Medieval Snowe, a Year Round Treat

Snowe is a dessert recipe of sorts — it’s a sweet dish, though I could see eating it at breakfast, for a snack, etc. I think it will be especially nice in summertime. It’s a simple, light dessert — doesn’t require much prep time.

Pictures and recipe after the jump.


  • 1 cup cream [I used heavy whipping cream]
  • 1 egg white
  • 1 tablespoon sugar
  • 1 teaspoon rose water [Rose water is something I happened to have in the cupboard. I think this would also be good with vanilla extract, orange extract, etc.]
Snowe ingredients: cream, rose water, egg white, sugar.
Snowe ingredients: cream, rose water, egg white, sugar.

1. Separate the egg (I saved the egg yolk for a wafer recipe). I used the “pour the egg yolk into its shell” method for separating eggs. An example is here.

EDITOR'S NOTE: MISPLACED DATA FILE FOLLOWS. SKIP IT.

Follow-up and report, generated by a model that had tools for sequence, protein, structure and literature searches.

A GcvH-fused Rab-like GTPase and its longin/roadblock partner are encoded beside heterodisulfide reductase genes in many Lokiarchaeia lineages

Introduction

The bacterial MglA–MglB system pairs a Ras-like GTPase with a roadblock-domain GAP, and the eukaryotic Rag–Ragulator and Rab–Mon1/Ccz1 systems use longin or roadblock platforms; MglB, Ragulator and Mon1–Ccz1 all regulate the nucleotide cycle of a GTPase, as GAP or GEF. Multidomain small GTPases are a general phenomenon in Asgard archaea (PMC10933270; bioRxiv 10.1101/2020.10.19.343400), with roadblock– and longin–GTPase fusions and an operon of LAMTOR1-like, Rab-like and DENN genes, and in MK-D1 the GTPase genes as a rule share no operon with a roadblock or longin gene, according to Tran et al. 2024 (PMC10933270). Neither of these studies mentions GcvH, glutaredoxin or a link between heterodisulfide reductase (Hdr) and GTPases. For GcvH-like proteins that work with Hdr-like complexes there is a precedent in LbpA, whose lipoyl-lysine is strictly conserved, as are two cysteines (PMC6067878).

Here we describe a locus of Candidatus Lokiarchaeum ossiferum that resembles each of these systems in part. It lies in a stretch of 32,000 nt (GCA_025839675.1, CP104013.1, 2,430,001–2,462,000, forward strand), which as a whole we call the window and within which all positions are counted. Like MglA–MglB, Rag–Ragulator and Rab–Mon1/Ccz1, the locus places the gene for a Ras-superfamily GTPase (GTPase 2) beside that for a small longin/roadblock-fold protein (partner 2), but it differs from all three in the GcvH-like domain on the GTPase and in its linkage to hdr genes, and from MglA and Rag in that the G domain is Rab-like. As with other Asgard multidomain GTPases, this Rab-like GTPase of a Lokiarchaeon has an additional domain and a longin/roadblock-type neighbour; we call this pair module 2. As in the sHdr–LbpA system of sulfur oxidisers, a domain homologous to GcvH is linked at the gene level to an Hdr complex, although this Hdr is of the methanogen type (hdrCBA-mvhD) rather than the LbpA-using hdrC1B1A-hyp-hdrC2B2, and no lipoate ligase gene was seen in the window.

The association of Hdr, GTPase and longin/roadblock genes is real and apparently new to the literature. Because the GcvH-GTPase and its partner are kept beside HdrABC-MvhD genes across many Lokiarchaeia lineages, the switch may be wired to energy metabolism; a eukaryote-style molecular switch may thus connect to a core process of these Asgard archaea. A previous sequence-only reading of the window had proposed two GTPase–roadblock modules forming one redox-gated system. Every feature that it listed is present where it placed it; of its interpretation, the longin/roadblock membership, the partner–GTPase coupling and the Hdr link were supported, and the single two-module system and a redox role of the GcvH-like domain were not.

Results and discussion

2. Stir the egg white in a large bowl.

3. Add cream, sugar, and rose water.

Mixing the ingredients
Mixing the ingredients

4. Whisk the mixture. The “snow” is ready when it does not drip.

Getting frothy
Getting frothy

However, I was unable to reach that stage. I whisked for 15 minutes. Perhaps I did something wrong… I imagine medieval cooks had more stamina than I do. I’m curious about the results of using an electric mixer.

My technique is to sort of swirl the whisk and tilt the bowl on its side.  A Peace Bone suggests: “Vigorous up-and-down circles should pull more air bubbles into it, which is what produces a fuller, stiffer whip. The bowl-tilting helps with that, too.”

Still, you can see the frothy mixture does look wintery.

Close up of froth
Close up of froth

The snowe was quite delicious — how could cream and sugar not be? I ate it with wafers, as the recipe suggested. It would also be good with fruit.

Since it was just me, I had a ton left over. I’m thinking of putting it into iced black tea, as a sort of medievalish Thai iced tea.

This post originally appeared in slightly different form on Mirous Worlds.


By Natasha

History. Hindi cinema. Hugging cats.

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